As part of my attempt to take better notes, I’ve been forcing myself to put information into tables and graphs where possible. Below are some sorted bits of the chapter “The Problem of Evil” in Ethics: An Essay on the Understanding of Evil by Alain Badiou. As it gets produced, I’ll be putting stuff like this on my reading notes page.
The Duke U Press sale is always amazing. Weheliye, Lowe, Chion, and Karatani.
I think early 2016 Levi Bryant was awesome. He had kind of slowed down from the rapid-fire rate of posts of earlier years, down to one or two a month a few times in 2015, and then picked up the pace a bit near the end of the year. I think this post really represented some kind of turning point; although I guess his point was that the turn was there all along, and he just needed a few explicit statements to make it obvious to folks like me.
A post from a few months ago, “The Topology of Historical Time,” draws up a concept of multiple welts or worlds, worlds which are physically and chronologically contemporary and overlapping, but phenomenologically or existentially differing. Bryant exemplifies this by referencing the moment in American Psycho where Patrick Bateman professes a total, incommensurable divergence in being between himself and a homeless man he meets in an alley: “You and I have nothing in common, we come from entirely different worlds. I can’t even understand you.” Bateman and the homeless man obviously live on the same planet and do so at the same time; spatially, they are quite proximate to one another, relative to the rest of human (or non-human) existence. What Bateman is speaking to is the way a world is lived or experienced — beyond its mere self-sufficient existence, a world is a world for something.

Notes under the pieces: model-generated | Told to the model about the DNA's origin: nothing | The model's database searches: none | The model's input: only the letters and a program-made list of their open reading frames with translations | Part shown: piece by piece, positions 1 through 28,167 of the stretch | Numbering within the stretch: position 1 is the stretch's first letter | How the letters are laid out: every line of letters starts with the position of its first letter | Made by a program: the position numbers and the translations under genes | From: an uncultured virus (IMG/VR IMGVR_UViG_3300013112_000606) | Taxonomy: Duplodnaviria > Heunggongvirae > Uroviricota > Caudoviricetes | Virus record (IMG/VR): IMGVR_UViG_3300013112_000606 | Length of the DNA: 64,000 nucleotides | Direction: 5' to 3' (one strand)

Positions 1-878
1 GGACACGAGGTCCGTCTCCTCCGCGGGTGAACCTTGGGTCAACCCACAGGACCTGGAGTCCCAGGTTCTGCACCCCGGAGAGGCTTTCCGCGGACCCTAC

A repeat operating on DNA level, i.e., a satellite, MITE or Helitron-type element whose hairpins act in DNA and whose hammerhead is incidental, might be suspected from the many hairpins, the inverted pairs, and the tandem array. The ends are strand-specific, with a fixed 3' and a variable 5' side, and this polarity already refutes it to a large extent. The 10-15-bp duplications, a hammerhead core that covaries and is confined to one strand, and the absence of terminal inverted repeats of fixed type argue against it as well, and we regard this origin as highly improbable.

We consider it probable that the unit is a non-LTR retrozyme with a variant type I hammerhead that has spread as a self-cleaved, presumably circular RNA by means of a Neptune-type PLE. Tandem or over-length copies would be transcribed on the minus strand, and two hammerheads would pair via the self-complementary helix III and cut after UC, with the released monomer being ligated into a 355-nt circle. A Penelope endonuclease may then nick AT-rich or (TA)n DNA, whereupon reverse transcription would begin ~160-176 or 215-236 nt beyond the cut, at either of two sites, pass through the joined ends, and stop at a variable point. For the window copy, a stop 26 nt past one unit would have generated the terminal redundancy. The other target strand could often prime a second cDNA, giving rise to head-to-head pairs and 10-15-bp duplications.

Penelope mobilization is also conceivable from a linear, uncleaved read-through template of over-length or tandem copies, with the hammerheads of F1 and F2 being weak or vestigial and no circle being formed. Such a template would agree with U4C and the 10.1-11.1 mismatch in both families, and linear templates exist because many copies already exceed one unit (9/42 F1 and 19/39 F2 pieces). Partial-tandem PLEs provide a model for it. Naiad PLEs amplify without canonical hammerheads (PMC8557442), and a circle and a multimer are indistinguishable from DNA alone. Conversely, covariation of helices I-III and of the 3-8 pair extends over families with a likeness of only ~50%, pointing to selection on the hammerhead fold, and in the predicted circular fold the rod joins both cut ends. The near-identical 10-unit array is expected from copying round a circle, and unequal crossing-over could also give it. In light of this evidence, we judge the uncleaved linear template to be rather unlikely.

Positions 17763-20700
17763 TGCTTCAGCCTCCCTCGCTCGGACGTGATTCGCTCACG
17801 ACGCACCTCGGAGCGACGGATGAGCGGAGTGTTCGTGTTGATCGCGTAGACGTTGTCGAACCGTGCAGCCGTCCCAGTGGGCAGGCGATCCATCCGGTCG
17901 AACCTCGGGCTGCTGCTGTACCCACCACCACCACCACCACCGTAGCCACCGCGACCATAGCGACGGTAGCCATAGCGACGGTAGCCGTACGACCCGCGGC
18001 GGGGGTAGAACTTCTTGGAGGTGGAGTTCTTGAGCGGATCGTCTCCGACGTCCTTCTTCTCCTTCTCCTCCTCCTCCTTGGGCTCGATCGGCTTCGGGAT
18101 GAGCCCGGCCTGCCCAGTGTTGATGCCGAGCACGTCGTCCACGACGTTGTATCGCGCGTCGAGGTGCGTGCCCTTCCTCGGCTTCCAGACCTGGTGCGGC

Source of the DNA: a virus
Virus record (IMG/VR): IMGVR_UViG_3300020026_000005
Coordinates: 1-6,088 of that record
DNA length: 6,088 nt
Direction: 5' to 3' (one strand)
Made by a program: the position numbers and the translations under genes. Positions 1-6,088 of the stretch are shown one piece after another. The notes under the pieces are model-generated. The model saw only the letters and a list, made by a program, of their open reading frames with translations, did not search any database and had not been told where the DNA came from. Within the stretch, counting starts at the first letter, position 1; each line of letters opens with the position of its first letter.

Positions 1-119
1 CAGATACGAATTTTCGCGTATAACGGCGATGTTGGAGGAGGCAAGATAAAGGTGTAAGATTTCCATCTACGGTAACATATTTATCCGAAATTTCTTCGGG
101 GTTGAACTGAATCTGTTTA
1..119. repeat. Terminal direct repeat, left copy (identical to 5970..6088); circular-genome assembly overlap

This morning, I took rare advantage of my Netflix account and watched The Conformist (Italian: Il Conformista), a film by acclaimead director Bernardo Bertolucci. The movie, based on the novel of the same title by Alberto Moravia, follows the young Marcello Clerici’s attempt to lodge himself within the bureaucracy of Mussolini’s fascist Italy by carrying out an assassination on his former mentor, the political dissident and exile Professor Quadri. Along the way, Marcello confronts his childhood sexual trauma and parental alienation, and is forced to navigate his relationship with his petit-bourgeois wife Giullia and his attraction to the professor’s wife Anna. Honeymooning in Paris as an excuse to seek out his mark, Marcello’s commitment to the task waivers as he lusts for Anna and debates with Quadri.
The fact is that the planet is already massively geo-engineered. There is no cyclical ecology from which we could withdraw in order to allow it to go back to its homeostatic balance and order. The problem is thus not whether to refuse to geo-engineer. It is rather to choose how to geo-engineer. Are there ways in which the vast global infrastructure already in place can be qualitatively transformed in order to make something else? Could there be a geophysics rather than a geopolitics of hibernation?
via “Geopolitics of Hibernation”